Why Does He Always Look?

“The skeptic is never for real. There he stands, cocktail in hand, left arm draped languorously on one end of the mantlepiece, telling you that he can’t be sure of anything, not even of his own existence. I’ll give you my secret method of demolishing universal skepticism in four words. Whisper to him: ‘Your fly is open.’ If he thinks knowledge is so all-fired impossible, why does he always look?”

– Robert Farrar Capon, Hunting the Divine Fox

Flotsam & Jetsam (11/5)

When Pigs Fly, Thomas Aquinas, Humility, and Us – “My father gave me in one fell swoop a rebuke and a challenge. He said to me, ‘Son, the cheapest way to develop the reputation as an intellectual is to adopt the posture of a cynic.'”An excellent reminder from R.C. Sproul, Jr.

Old Paths New Feet – Brother Down’s new album is now up on Spotify. So go listen to it. Like, now. It’s very, very good.

Gloriously Ordinary – “He doesn’t only stoop. He joys in the stooping. He joys in His being birthed into our messy little world. This. This is what we are missing from Milton. In his book, we don’t see our scarred and holy God burning away pain. We see only the guaranteed victory. We don’t see the very ordinary bits of the Story. But Christ loves the ordinary things.”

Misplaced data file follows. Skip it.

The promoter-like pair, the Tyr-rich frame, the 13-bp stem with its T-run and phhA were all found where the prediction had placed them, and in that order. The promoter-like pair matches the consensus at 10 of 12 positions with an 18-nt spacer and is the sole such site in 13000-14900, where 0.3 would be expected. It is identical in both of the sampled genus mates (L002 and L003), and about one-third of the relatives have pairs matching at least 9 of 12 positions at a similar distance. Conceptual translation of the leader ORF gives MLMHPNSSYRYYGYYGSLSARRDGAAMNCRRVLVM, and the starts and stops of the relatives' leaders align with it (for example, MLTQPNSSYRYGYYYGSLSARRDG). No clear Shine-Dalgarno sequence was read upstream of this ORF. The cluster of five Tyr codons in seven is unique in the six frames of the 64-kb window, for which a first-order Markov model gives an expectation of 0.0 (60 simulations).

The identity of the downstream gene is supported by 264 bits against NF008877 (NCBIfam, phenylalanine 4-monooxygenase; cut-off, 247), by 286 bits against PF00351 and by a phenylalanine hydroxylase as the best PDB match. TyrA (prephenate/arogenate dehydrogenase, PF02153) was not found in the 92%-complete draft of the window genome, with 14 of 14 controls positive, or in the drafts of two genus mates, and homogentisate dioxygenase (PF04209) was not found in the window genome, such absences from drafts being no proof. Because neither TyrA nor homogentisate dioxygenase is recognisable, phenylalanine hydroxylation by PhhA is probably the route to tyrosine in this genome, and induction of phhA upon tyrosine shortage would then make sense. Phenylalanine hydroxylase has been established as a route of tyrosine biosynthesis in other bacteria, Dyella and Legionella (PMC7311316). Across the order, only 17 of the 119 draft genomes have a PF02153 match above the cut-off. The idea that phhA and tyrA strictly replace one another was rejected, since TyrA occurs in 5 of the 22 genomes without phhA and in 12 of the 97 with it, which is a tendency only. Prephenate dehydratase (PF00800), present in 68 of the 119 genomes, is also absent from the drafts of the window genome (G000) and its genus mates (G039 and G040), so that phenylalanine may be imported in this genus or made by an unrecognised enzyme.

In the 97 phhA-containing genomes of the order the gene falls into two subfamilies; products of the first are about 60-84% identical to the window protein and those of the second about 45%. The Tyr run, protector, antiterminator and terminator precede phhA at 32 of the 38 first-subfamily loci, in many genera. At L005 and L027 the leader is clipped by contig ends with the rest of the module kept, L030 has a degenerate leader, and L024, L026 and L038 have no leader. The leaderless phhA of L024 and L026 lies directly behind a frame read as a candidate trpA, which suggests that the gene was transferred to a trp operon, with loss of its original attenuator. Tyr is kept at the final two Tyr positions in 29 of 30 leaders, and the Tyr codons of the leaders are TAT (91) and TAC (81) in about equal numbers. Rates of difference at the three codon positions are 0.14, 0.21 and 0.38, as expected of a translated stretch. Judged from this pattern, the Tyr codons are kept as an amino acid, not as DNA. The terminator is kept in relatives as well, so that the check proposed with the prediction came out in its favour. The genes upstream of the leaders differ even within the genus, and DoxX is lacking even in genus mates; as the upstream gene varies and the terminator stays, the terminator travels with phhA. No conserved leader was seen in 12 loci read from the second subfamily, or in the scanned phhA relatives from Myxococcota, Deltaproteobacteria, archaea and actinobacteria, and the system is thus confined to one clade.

Why the Sandwich is the King of Food-Engineering – Well. If that isn’t a compelling case, I don’t know what is.

Dear Daughter, You’re Beautiful – Matt Walsh: “Hollywood and the fashion industry have concocted a ‘beauty’ that is separate and apart from reality. What they sell is a marketing ploy. It’s assembly line sexy. It’s about as beautiful as the canned food aisle at Walmart.”

The Left Is Trying to Rehabilitate Karl Marx – So let’s remind them of the millions who died in his name. As this chap points out, “you’d have to be a pretty lacking in moral sensitivity to defend a thinker whose work sent millions of people to an early grave.”

Snatching Them from the Cradle – This sounds familiar. All too familiar.

“If you want your children to be intelligent, read them fairy tales. If you want them to be more intelligent, read them more fairy tales.” – Albert Einstein